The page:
You need to test, we're here to help.

You need to test, we're here to help.

24 August 2017

Introduction to Automotive Ethernet Compliance Testing

As with most any networking scheme, Automotive Ethernet is subject to standardization to ensure that the various components of a given system reliably pass signals among themselves. Where there is a standard for a protocol, there must also be testing for compliance with that standard. This will be the first in a series of posts detailing compliance test of the Physical Media Attachment (PMA) aspect of the Automotive Ethernet standard.

We've covered extensively the basics of Automotive Ethernet in a previous series of posts, so we won't repeat much of that here. Let it suffice to say that "Automotive Ethernet" is an umbrella term for both BroadR-Reach (or OPEN Alliance BroadR-Reach) and 100Base-T1 (the IEEE's 802.3bw-2015). In either case, Automotive Ethernet is specifically tailored to enable faster data communication for in-vehicle networking.

There are various categories of Automotive Ethernet compliance testing, and we will focus on test of electrical signaling to determine whether a product conforms to the electrical transmit and receive specification. Other types of testing include the physical coding sublayer (PCS) and PHY control to evaluate the functionality of the protocol itself.

The PMA, PCS, and PHY control tests are spelled out in the 100Base-T1 specification. Having said that, the IEEE did not write a test specification. The specification might say, for example, that jitter must not exceed a given value, but the specification does not detail how to perform jitter testing in the way that specifications in the high-speed serial data world do.

For its part, the University of New Hampshire's InterOperability Laboratory (UNL-IOL) has traditionally written test documents that describe how they perform compliance tests. The OPEN Alliance has licensed UNL-IOL to create and maintain "test suites" for each group of Automotive Ethernet compliance testing. These documents serve as "pseudo" test specifications for PMA, PCS, and PHY control compliance. But given the lack of a true test specification, it is incumbent on OEMs, Tier 1 automotive suppliers, and PHY vendors to work together with the test manufacturer or testing house to ensure that the appropriate level of testing takes place and is conducted correctly.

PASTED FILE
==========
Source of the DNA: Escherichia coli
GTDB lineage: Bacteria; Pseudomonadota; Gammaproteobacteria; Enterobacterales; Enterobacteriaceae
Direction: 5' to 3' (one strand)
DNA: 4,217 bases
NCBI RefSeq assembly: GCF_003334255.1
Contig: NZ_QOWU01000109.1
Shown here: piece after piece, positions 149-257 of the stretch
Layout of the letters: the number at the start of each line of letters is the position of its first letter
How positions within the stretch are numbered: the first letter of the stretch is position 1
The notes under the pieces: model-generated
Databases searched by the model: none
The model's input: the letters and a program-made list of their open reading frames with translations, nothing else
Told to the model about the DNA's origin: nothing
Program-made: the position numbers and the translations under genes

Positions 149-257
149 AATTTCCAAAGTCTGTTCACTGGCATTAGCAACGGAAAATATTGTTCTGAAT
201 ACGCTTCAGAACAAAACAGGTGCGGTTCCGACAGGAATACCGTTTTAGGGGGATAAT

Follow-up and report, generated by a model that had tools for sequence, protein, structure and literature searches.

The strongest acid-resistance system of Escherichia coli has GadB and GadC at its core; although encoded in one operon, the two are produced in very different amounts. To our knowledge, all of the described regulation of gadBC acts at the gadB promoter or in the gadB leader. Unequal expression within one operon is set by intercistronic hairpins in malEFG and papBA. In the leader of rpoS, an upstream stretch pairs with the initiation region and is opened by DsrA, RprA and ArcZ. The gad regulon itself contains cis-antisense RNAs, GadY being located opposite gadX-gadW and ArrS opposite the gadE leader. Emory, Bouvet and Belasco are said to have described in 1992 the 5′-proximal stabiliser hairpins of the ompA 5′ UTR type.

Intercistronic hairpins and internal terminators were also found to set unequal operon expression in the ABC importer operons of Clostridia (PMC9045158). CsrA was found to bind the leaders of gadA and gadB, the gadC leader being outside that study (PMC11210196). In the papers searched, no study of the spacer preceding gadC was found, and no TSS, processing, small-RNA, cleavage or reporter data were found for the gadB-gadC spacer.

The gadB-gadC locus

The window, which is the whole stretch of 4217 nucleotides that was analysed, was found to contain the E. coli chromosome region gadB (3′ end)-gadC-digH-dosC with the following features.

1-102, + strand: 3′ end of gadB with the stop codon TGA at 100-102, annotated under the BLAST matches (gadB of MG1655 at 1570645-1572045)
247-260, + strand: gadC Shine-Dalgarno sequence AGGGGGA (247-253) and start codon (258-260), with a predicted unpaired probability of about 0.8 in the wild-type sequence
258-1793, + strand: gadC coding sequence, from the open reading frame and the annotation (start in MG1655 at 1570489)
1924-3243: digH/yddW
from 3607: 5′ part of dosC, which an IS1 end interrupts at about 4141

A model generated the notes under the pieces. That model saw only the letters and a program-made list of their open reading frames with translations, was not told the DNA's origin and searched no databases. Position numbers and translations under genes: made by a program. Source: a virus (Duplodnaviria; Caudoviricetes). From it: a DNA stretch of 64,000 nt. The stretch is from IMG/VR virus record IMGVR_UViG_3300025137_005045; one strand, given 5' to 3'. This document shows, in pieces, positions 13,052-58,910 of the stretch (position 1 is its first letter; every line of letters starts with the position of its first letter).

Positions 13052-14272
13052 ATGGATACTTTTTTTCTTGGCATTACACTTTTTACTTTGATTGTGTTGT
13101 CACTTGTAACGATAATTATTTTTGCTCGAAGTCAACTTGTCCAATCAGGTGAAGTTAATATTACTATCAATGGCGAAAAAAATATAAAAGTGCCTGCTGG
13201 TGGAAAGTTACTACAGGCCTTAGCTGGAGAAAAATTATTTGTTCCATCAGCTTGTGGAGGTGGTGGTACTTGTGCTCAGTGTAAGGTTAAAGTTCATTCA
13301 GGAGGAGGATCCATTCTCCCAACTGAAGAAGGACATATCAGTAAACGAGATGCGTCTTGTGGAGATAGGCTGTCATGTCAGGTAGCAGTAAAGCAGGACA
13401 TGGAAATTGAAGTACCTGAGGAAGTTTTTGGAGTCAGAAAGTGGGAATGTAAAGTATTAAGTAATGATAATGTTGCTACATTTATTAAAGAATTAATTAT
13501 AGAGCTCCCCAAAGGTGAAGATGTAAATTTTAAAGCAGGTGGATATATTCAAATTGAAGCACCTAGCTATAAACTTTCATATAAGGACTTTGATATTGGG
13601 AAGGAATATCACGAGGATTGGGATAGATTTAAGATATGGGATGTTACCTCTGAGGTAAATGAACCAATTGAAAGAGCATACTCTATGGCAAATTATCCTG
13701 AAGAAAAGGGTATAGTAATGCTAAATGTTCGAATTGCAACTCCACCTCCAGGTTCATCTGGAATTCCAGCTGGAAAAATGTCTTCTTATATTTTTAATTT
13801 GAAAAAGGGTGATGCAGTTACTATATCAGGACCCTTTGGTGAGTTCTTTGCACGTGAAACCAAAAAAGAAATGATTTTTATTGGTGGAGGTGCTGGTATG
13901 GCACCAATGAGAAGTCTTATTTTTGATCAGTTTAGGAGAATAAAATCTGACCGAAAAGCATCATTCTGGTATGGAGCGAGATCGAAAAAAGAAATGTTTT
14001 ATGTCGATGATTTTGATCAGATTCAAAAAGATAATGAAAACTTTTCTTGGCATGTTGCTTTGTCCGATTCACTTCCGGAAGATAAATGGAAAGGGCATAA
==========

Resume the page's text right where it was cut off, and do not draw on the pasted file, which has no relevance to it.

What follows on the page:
Physical Media Attachment compliance test breaks down into two groups: Electrical Measurements and PMA Receive Tests. In these posts on compliance test, we'll take a closer look at the former group, and in particular those that are performed with an oscilloscope (some MDI tests are done using a vector network analyzer).

Why Is PHY Compliance Important?

But to backtrack for a moment, let's look at why PHY Control compliance testing is so important. PHY testing is a protocol-level affair that is typically performed by silicon vendors. The OEM development cycle for an automotive ECU is a long one, so the OEMs must be assured of the PHY chip's compliance before implementation.

Even though the PHY chip has passed compliance testing, the ECU should be tested again for compliance after PHY implementation. That testing can be a full compliance suite or some subset thereof. Why repeat compliance test for the ECU? Because in the process of integration, changes in the layout might impact the electrical specifications. Thus, it's important to validate the design after integration of the PHY chip.

Further, compliance with the 100Base-T1 specification does not guarantee interoperability. Although the transmit requirements are well defined, the receiver design is left up to the implementer. So after the full system has been assembled, another round of testing ensures that data communications are solid and packets are not being dropped.

In the next post in this series, we'll begin with an overview of the five 100Base-T1 test modes.

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